The Knicks did that. Phil struck out with “A” level free agents, but that did not deter Phil. He read the market. He understands, clearly, that he did not strike out because of his salesmanship, but because this crop of players has shown they will not make decisions based on market size or city, but on where they can win. Once the 2014-2015 Knicks went 17-65, that sealed their fate with 2015’s best free agents.
With that, Phil knew. He could not panic sign people and ruin his 2016 flexibility with an average, even solid, product. However, he also could not string players along on 1 year deals and stand pat, saying “we’ll do this again next year”! He had to simultaneously upgrade the roster so that free agents had a reason to come, while retaining future flexibility so that there was money to add those free agents.
That is simply not the nuanced type of thinking the Knicks used to employ, but they do now. And by replacing a bunch of unplayable, barely rosterable pieces with legitimate rotation players, Phil has done just that. The Knicks now have Lopez, Arron Afflalo, Porzingis, Grant, Galloway, and other low headline but strong additions in Kyle O’Quinn, Kevin Seraphin, and Lance Thomas.
Using the D-League? Not panic signing pieces because the Knicks don’t strike out in free agency? Using the draft? Disregarding superstar demands? Not selling fans on the next huge free agent, but on slow, sustainable building? The Knicks never did these things, but do them now. Suddenly, the Knicks are a normal franchise.
Not splurging on the wrong talent just to say he did something? Drafting the player the fans don’t want? Using tools fans care little for like the D-League in a significant way? Suddenly, the Knicks are a normal franchise. And it shows on the court. With the league’s 14th best offense, 15th best defense, and a 4-6 record, the Knicks appear to be squarely average, and headed to a 35-42 win season. That is a huge improvement from 17-65.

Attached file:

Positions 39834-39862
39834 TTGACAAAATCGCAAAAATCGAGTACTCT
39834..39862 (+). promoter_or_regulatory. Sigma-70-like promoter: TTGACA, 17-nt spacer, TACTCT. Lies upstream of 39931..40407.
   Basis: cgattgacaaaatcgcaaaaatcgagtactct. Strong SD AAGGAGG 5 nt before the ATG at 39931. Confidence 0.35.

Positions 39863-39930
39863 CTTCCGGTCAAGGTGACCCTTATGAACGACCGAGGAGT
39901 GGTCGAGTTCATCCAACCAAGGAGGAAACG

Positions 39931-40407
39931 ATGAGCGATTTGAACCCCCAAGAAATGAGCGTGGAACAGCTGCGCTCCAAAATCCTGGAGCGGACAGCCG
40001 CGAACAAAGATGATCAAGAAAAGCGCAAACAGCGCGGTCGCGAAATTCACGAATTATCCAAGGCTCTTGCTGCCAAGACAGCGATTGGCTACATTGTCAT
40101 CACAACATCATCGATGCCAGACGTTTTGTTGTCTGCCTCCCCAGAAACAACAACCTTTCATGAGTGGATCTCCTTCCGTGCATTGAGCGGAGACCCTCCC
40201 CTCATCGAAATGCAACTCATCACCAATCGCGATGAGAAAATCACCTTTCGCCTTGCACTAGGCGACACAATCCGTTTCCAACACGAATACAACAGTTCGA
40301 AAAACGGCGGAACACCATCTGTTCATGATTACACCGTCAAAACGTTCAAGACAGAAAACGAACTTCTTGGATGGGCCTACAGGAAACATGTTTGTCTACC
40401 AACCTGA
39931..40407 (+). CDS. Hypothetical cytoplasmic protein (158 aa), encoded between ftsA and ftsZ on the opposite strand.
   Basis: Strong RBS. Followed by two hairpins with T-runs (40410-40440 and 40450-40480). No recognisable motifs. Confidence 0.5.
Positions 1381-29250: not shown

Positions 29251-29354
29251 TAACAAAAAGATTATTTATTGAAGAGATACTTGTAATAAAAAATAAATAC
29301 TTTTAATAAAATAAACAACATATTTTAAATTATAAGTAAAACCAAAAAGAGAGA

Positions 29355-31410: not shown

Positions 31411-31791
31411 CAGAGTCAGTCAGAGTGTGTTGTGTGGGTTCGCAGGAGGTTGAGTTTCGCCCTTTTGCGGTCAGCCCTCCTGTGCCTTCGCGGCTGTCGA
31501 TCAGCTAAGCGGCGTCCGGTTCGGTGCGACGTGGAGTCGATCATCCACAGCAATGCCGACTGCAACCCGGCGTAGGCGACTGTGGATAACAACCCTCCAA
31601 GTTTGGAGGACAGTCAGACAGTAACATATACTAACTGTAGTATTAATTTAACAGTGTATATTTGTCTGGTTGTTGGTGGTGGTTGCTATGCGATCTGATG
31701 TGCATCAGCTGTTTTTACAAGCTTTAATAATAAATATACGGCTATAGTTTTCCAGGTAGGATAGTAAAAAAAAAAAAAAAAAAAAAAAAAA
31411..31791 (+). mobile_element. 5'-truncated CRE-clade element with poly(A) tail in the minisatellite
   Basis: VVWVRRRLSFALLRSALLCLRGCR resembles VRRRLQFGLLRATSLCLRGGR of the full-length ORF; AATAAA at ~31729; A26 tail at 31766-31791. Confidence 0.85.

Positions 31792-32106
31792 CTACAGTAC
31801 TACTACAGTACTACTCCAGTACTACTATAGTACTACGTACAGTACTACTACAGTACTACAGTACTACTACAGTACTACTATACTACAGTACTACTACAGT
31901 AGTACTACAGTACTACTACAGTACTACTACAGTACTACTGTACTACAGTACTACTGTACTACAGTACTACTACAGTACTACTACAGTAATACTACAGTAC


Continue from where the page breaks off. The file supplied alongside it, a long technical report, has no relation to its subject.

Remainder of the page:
Sure, the Knicks are in the “middle” and some love to say the middle is a bad place to be. But that statement is dated, given the way the free agent market now functions. The middle is only a bad place to be when you lack flexibility to escape the middle. The middle, with flexibility to get to the top, is a good place to be, because that flexibility will be attractive to elite free agents, who can see the path to the top.
When you are 17-65, it is hard to attract free agents because the player inevitably questions how he can win with you. But if you are in the middle, at 35-40 wins? That is a huge difference in quality, and it is much easier to get a free agent to say “they have a decent group there. I can be that missing piece to take them to the next level.”
That is the Knicks goal. The Knicks figure to win 35-40 games this season, if they can sustain their level over 10 games. Assuming a $89 million cap, they head into next year with $21.1-$34.6 million in cap space, depending on whether Afflalo and Derrick Williams opt in to their deals. They do so with a nucleus of Melo, Kristaps, Lopez, O’Quinn, and Grant under contract. Calderon’s $7,708,427 is the only bad deal on the books, and perhaps they look to move him to open more space without affecting the win/loss total. Phil now has a war chest of free agent money, but with the outline of an actual roster to sell free agents.
All told, the Knicks are in a dramatically better position than they were when Phil took over. And it starts with replacing Dolan’s former grandeur with normalcy. Has Dolan actually changed? Probably not. More likely is that Phil has leveraged his celebrity and name cache, and Dolan’s awe of celebrities and nagging desire to live around them, as a tool to get Dolan to endorse the Knicks new path of normalcy, as opposed to his former penchant for selling the fanbase on the grandiose, and on the idea that the rules of team building don’t apply to the big city Knicks. Phil has convinced Dolan that such is not the case. Who knows how he did it, but it is working. The Knicks seem to finally realize that they are no different than the other 29 teams, the same team building rules apply to them, and that there are no shortcuts.
The leap from terrible to decent is the easiest leap to make. And the Knicks have acted normally in the past, in small patches. For the Knicks, making the leap from decent to sustainably good, and keeping Dolan in check over the long haul, will be the hardest part of Phil’s job.
But so far, Phil has put the Knicks on a rare path of normalcy, and he is off to a good start.